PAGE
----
Instead, MTF works through the university’s Hillel to “map the campus” and identify approximately 20 influential student leaders, most of whom are “critical of Israel, if not outright hostile,” and invite them to take part in a subsidized trip to Israel along with a handful of pro-Israel students.
MTF generally gives the campuses a fair amount of leeway, providing the funding for the trips, but leaving the participant selection process and the follow-up efforts up to local Hillel staffers or student fellows. On the trips, participants not only visit Israel but also Palestinian-controlled parts of the West Bank and hear from Palestinian officials and activists.
“These students are already a little critical of Israel. They’re not going to agree to go to Israel and not hear from the other side,” Brog said. “So if we want to get those students on the bus to begin with, we have to make this a trip where you hear from both sides. But I think that’s a good thing because ultimately they’re getting a more realistic view of both Israel and the PA [Palestinian Authority] – warts and all.”
While Brog and MTF would be thrilled to see the students all become staunch supporters of the State of Israel, the goal is to at least get them to see the Israeli-Palestinian conflict as more complicated and nuanced than they originally thought, he said.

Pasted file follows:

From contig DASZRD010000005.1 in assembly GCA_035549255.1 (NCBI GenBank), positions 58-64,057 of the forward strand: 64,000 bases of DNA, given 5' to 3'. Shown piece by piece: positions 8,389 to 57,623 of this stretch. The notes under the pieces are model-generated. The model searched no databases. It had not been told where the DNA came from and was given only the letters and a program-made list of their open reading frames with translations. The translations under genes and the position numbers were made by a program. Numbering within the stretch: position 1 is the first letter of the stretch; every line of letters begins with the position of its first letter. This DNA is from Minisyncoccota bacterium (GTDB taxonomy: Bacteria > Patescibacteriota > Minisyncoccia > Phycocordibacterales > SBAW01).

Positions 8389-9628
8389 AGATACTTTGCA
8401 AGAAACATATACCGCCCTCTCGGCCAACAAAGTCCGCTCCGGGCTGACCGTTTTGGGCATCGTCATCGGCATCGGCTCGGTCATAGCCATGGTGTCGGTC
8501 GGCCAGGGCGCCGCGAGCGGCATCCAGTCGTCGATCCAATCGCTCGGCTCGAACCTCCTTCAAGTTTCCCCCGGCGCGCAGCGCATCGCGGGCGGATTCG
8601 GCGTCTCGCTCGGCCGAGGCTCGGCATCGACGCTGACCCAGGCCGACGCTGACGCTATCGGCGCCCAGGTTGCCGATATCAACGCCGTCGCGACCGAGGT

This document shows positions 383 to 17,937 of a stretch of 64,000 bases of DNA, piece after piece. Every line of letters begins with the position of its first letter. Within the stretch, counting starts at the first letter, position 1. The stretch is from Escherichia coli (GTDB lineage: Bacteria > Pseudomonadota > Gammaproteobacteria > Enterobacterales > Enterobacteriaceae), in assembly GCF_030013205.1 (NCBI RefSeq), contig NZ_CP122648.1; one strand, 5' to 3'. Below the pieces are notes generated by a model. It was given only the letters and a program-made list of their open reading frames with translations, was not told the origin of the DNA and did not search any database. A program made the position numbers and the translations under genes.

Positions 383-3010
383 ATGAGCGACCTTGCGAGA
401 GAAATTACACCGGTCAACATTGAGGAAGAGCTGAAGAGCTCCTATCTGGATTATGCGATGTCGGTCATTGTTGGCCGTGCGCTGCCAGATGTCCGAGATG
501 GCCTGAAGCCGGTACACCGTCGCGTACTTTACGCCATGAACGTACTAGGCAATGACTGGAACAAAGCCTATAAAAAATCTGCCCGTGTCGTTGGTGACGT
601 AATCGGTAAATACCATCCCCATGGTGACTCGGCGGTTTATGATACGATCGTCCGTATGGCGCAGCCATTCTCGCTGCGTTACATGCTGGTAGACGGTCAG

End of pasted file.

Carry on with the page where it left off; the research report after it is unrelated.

The organization tracks its success on that front in two ways: post-trip surveys gauging perceptions of Israel and, less quantitatively, through reports on the participants’ activities on campus after the trips.
“The post-trip surveys show what you’d imagine, that their opinions of Israel have changed, that they’re more favorable, etc. That’s not what really interests me,” Brog said. “I’m more interested in what students do when they get back to campus than in what they say on the survey.”